The Ontario Trucking Association (OTA) is voicing its support for a planned GTA West highway project that would run through the northwestern area of the Greater Toronto Area, as well as Halton, Peel, and York regions.
The areas are known hubs for trucking and logistics activity. Peel Region itself is home to an estimated 2,000 trucking companies, and in 2012 accounted for about 36% of provincial truck trips, according to government data.
“We must build the GTA West, not just for our present economy but to the secure the future success of our province,” OTA writes in a recent letter on the position.
The highway would include up to four to six lanes from Hwy. 400 in the east to the Hwy. 401/407 interchange in the west.
But the plan has faced increasing opposition from regional municipalities including Toronto, which has backed a call from Environmental Defence for a federal environmental assessment of Hwy. 413. Mississauga, Vaughan, Halton Hills, Halton Region, and Orangeville are opposing the highway, while Brampton, Caledon and Peel Region are calling for a federal environmental assessment.
“The GTA West will be vital in securing a future for Ontarians,” says OTA chairman Wendell Erb. “Some will say we can’t afford to spend this type of investment on highways. This is very short-sighted. Afterall, where would we be as a nation with that kind of thinking? We would have no TransCanada Highway, no national railway system or St. Lawrence Seaway.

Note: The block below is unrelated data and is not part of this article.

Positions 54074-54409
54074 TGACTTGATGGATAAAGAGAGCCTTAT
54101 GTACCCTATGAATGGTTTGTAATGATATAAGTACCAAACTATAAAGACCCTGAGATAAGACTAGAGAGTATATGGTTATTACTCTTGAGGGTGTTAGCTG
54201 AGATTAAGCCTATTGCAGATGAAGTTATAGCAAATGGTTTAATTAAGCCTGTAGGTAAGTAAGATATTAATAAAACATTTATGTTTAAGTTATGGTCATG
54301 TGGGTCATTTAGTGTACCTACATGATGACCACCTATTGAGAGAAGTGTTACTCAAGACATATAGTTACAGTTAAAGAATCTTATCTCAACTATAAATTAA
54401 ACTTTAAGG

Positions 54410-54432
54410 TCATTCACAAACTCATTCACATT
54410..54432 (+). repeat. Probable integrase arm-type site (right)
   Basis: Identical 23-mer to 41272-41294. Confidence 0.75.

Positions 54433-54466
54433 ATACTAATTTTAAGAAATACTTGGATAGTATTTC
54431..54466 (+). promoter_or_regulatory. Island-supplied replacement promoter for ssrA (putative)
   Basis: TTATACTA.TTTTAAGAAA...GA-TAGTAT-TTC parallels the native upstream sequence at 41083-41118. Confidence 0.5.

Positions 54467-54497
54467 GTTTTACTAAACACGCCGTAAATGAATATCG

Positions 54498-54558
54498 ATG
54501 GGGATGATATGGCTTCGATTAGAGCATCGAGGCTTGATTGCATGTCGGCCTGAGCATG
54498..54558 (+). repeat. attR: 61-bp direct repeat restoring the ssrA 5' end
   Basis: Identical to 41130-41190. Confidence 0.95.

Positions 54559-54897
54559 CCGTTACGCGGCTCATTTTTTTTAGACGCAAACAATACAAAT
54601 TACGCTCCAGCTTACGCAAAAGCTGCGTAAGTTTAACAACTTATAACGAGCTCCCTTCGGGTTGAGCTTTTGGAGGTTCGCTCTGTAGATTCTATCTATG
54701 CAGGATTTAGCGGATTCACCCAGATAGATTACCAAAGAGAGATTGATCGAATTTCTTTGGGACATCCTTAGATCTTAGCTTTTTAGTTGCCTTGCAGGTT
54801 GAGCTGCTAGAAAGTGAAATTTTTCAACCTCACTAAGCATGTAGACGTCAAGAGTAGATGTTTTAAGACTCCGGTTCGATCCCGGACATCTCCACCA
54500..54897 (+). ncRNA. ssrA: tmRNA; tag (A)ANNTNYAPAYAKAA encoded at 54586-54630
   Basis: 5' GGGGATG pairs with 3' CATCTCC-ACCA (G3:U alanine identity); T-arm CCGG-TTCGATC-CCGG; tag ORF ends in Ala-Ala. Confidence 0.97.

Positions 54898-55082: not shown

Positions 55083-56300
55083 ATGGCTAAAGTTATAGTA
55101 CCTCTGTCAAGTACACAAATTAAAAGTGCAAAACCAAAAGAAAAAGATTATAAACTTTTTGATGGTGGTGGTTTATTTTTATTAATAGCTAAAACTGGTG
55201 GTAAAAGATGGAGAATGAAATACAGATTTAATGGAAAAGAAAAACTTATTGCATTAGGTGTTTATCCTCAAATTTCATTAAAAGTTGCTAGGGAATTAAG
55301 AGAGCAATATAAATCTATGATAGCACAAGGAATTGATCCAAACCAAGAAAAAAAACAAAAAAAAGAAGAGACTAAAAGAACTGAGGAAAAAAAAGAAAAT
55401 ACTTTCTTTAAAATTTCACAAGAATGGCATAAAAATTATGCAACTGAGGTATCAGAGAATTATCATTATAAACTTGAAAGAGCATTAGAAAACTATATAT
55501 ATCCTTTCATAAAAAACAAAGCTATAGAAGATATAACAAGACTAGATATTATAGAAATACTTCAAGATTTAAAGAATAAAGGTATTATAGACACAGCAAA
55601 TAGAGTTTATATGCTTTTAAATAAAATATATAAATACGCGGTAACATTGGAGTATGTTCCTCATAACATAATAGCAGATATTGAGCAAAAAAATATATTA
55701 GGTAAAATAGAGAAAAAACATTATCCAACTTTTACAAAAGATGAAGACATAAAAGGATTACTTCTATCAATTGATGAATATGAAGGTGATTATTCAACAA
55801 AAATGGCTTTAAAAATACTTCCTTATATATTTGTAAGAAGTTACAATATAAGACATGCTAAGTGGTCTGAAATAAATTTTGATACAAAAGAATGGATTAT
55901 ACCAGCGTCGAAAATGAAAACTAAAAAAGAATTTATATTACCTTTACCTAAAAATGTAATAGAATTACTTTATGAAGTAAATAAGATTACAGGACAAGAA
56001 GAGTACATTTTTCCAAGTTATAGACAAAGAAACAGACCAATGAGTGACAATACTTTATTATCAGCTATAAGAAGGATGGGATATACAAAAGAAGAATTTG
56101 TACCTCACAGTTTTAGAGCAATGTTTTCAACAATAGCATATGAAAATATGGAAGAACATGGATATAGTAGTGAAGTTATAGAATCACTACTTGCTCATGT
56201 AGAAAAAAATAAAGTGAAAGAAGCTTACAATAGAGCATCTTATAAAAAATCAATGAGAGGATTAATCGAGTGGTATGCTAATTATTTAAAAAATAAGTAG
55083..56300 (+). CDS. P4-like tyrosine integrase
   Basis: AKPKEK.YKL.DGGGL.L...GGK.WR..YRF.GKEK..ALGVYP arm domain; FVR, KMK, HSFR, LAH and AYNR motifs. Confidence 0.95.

“As modern-day Ontarians, we should learn from previous generations that invested and built the key infrastructure for the sustainable growth and prosperity of future generations.”
The provincial government revived the highway plans that had been shelved by a previous Liberal administration. The City of Brampton has argued that a stretch of the corridor should come in the form of a 104-meter-wide boulevard with room for pedestrians and a truck-only lane.
The 2012 GTA West Corridor Transportation Development Strategy Report says the new highway could generate $1 billion in GDP as early as 2031, while also improving commercial vehicle travel times during peak periods.
The number of truck delays on inter-regional facilities would be cut in half, and reduce the truck traffic using local roads by about 25%, it concludes.
Have your say
This is a moderated forum. Comments will no longer be published unless they are accompanied by a first and last name and a verifiable email address. (Today's Trucking will not publish or share the email address.) Profane language and content deemed to be libelous, racist, or threatening in nature will not be published under any circumstances.